Editorial Feature

The Future of Composite Materials in Rail Infrastructures

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Modern high-strength composite materials present ample opportunities for energy-efficient solutions with lower environmental impact and reduced through-life costs for the rail infrastructure. Network Rail, the UK’s rail network owner, has partnered with the National Composites Centre (NCC) in Bristol, UK, a world-leading research hub developing state-of-the-art materials and technology, to explore new design concepts for using composites in the rail industry.

Growing population and expanding urbanization worldwide require more sustainable mobility solutions to tackle global resource scarcity and climate change.

As one of the most sustainable transportation modes, rail-based transport systems are taking an ever-increasing share of the mobility demand. According to the International Transport Forum (ITF) Transport Outlook 2019, the global passenger transport demand will more than double, and freight transport is expected to triple in the next 30 years.

Growing Passenger Demand Requires Advanced Rail Infrastructure

Composite materials are already playing an increasingly important role within the transport industries due to their lightweight nature, durability, and low environmental footprint. Composites offer significant improvements over traditional materials and provide innovative and sustainable solutions for various critical infrastructure projects.

Many countries, either with well-established or rapidly growing rail networks, are exploring modern composite materials that can lead to the wide-scale infrastructure improvements necessary in the rail industry.

The benefits of using composites in the rail industry to reduce the infrastructure lifecycle costs can be substantial, considering that the US rail network consists of nearly 140,000 miles of track and more than 100,000 bridges, all requiring continuous upgrade and repair. Network Rail in the UK conducts more than 10,000 annual inspections of the timber, concrete, and steel structures critical for the integrity and reliability of the rail transport system in the country.

Innovative Composite Footbridge as a Technology Showcase

A prototype composite footbridge named “Futura”, designed by Marks Barfield Architects (London, UK) and COWI (an engineering consultancy group based in Lyngby, Denmark) is being developed. It will demonstrate the benefits that could be gained by using lightweight and durable composite materials for both new-build and replacement structures in rail infrastructure.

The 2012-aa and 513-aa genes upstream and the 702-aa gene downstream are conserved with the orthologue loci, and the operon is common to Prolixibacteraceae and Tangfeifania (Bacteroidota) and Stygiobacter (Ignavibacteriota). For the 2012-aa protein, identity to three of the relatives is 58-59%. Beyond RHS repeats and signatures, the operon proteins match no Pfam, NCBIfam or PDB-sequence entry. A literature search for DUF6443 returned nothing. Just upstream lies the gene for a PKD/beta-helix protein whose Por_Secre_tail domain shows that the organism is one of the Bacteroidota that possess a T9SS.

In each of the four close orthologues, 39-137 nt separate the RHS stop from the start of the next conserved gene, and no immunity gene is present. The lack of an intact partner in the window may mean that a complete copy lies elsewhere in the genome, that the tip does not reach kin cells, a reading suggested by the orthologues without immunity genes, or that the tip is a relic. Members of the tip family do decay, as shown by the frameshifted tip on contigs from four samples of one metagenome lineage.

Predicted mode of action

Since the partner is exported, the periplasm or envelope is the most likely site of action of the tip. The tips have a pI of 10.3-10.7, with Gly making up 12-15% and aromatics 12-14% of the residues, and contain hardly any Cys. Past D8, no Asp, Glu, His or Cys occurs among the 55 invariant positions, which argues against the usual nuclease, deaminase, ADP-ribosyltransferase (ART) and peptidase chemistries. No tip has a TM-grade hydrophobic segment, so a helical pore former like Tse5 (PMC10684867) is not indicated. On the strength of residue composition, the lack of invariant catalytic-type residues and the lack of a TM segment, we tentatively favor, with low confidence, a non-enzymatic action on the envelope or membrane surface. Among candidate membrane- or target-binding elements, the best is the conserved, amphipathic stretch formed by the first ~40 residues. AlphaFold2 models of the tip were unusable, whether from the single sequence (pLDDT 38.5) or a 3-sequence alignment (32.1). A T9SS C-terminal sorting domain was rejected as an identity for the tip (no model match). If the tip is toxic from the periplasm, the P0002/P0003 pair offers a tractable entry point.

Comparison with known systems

The concept footbridge components are being manufactured in the NCC's facility in Bristol by using modern high-precision manufacturing methods, allowing rapid and straightforward precision-fit assembly on-site with minimal disruption of the rail network operation, road traffic, and local businesses.

High-Performance Composite Materials Enable Cost-Effective Rail Infrastructure

The prefabricated large-scale parts will be molded from fiber-reinforced plastics (FRPs). FRP is a composite material consisting of a polymer matrix reinforced with fibers. The fibers can be made of glass or carbon, and in some cases, paper or wood fibers can be used in biodegradable composites. The polymer matrix in the modern composite materials is usually an epoxy, vinylester, or polyester thermosetting plastic. FRPs are extensively used in the aerospace, automotive, marine, and construction industries.

The main advantages of using FRP composites in rail infrastructure arise from the material's high strength-to-weight and stiffness-to-weight ratios, compared to conventional construction materials such as steel and reinforced concrete, resulting in lightweight final structures.

FRPs have excellent corrosion and weather resistance, making them suitable for long-lasting structures with reduced maintenance. NCC's latest technology and know-how enable cost-effectively fabricated FRP components that comply with stringent fire, smoke, and toxicity standards for a wide variety of rail infrastructure applications.